February 07, 2022 - by CSCS

"Grand Tavé" is the name of a Swiss mountain of 3158 m in the canton Valais. CSCS has the tradition of naming the supercomputers after mountains. The name of "Grand Tavé" has been given to a Research & Development (R&D) system installed in 2017. This system is a Cray XC40 featuring Intel Knights Landing (KNL) compute nodes.

In December 2016 CSCS upgraded "Piz Daint" with NVIDIA PASCAL GPUs. At that time, there seemed to be a competing architecture available on the market, known as Intel KNL. A number of the Swiss researchers were eager to try their codes on the new Intel processors. For that reason, CSCS installed a system of 64 compute cores and 8 login cores. A one-cabinet system still big enough to allow serious software development and optimization.

Researchers were able to apply for development proposals in a continuous open call. Several scientists responded to this call and submitted development projects for "Grand Tavé". In the first year there were 10 projects granted access to the system.  

In the Summer of 2018, Intel announced that they were discontinuing Knights Landing. This shattered the expectations of the scientific community and killed the enthusiasm.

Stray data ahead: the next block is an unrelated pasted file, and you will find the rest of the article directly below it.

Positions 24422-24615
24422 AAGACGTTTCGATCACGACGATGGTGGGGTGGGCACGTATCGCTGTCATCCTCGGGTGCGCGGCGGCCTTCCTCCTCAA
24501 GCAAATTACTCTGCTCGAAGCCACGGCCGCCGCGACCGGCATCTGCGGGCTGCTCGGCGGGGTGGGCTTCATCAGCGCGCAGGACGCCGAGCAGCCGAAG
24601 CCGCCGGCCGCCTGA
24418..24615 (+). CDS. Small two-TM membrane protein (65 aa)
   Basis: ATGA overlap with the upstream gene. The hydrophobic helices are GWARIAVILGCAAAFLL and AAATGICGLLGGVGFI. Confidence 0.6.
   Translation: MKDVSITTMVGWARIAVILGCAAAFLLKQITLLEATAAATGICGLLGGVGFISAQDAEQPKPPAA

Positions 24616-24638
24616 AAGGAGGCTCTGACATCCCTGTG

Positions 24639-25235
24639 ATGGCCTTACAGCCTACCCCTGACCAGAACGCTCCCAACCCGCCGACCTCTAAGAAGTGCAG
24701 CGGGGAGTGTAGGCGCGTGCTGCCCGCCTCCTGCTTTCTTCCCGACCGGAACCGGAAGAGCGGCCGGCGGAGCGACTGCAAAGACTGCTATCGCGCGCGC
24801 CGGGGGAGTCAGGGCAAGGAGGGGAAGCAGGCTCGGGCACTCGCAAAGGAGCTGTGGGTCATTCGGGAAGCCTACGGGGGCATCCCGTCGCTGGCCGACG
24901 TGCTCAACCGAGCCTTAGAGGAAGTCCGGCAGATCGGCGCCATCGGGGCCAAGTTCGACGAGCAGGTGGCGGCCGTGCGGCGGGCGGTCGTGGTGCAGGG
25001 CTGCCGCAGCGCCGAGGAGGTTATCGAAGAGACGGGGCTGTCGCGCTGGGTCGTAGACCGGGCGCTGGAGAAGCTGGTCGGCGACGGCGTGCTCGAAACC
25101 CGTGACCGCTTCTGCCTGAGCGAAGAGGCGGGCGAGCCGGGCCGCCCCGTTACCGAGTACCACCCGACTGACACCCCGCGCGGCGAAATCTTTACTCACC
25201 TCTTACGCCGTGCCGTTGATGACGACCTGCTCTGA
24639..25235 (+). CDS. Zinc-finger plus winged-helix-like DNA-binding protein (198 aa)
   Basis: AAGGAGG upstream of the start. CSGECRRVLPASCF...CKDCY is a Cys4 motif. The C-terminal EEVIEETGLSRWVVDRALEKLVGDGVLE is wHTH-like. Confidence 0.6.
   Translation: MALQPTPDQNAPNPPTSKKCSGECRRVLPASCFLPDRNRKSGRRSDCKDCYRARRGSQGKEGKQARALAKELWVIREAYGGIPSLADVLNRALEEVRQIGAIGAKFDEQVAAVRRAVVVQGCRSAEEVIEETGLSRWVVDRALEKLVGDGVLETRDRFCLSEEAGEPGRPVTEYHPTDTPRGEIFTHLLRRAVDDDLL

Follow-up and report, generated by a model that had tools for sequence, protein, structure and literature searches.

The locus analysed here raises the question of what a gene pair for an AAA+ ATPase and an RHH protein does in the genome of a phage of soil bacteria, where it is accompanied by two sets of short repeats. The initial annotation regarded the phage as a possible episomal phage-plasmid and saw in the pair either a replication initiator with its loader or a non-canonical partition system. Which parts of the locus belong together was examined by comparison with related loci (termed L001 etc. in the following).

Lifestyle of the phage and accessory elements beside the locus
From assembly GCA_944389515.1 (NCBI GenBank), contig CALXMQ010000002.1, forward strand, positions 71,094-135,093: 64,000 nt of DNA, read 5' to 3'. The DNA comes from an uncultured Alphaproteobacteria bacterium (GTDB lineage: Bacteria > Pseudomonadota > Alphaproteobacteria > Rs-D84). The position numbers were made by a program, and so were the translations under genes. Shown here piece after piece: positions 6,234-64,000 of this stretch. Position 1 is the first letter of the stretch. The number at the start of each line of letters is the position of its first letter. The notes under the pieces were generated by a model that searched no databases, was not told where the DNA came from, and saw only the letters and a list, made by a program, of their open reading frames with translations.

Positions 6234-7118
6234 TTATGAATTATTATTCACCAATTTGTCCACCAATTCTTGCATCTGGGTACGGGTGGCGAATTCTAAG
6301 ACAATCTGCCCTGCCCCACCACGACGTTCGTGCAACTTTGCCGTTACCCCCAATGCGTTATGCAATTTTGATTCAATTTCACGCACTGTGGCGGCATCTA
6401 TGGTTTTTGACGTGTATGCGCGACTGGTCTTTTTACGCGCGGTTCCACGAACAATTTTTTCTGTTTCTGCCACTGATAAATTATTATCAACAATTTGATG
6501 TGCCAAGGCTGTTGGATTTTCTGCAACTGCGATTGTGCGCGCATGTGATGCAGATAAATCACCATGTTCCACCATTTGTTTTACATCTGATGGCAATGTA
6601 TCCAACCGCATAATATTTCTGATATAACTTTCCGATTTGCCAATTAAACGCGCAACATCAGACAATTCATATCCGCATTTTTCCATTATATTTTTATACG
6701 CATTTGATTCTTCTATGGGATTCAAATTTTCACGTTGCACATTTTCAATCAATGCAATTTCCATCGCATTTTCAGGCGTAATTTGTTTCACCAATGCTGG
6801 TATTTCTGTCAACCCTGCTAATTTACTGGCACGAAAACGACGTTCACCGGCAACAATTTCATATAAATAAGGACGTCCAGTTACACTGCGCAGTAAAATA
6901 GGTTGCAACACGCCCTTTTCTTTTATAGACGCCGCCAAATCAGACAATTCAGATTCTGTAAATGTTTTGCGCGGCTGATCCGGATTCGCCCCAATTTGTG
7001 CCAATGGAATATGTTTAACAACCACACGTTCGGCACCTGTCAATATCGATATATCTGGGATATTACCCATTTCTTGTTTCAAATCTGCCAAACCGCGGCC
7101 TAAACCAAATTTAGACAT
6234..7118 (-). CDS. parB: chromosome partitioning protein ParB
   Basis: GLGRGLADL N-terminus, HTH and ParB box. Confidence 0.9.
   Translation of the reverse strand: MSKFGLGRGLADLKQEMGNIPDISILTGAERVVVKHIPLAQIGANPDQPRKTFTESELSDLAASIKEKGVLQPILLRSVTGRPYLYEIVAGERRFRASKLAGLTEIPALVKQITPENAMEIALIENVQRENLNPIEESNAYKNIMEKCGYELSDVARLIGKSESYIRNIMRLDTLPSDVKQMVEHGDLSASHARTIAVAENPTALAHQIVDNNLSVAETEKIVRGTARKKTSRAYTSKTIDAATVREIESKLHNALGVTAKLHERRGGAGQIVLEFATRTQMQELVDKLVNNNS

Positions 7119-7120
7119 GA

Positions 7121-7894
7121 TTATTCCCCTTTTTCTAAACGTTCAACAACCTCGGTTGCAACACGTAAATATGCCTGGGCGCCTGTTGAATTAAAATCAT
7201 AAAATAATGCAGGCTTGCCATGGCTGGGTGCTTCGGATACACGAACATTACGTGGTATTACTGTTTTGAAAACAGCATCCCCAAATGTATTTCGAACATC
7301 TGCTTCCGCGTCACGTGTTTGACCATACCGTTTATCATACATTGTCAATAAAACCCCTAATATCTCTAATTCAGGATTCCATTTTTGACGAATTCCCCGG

"Grand Tavé", for as long as it was up and running, provided a solid R&D system. And scientists were able to gain experience in coding and testing on different computer architectures. Some of the teams working on "Grad Tavé" were focused on porting, for example the DBCSR library for sparse Matrix-Matrix multiplication, evaluating a massively parallel platform for seismic wave modelling applications, or optimizing a gyrokinetic PIC plasma turbulence code. The last project on the system was from University of Zurich and aimed at developing software for the in-silico analysis of whole-organ image sets. The final goal was to deliver quantitative physiology and pathology investigations, with an initial focus on kidneys.  

"Grand Tavé" was shut down on January 10, 2022 and the hardware dismantled in the following weeks.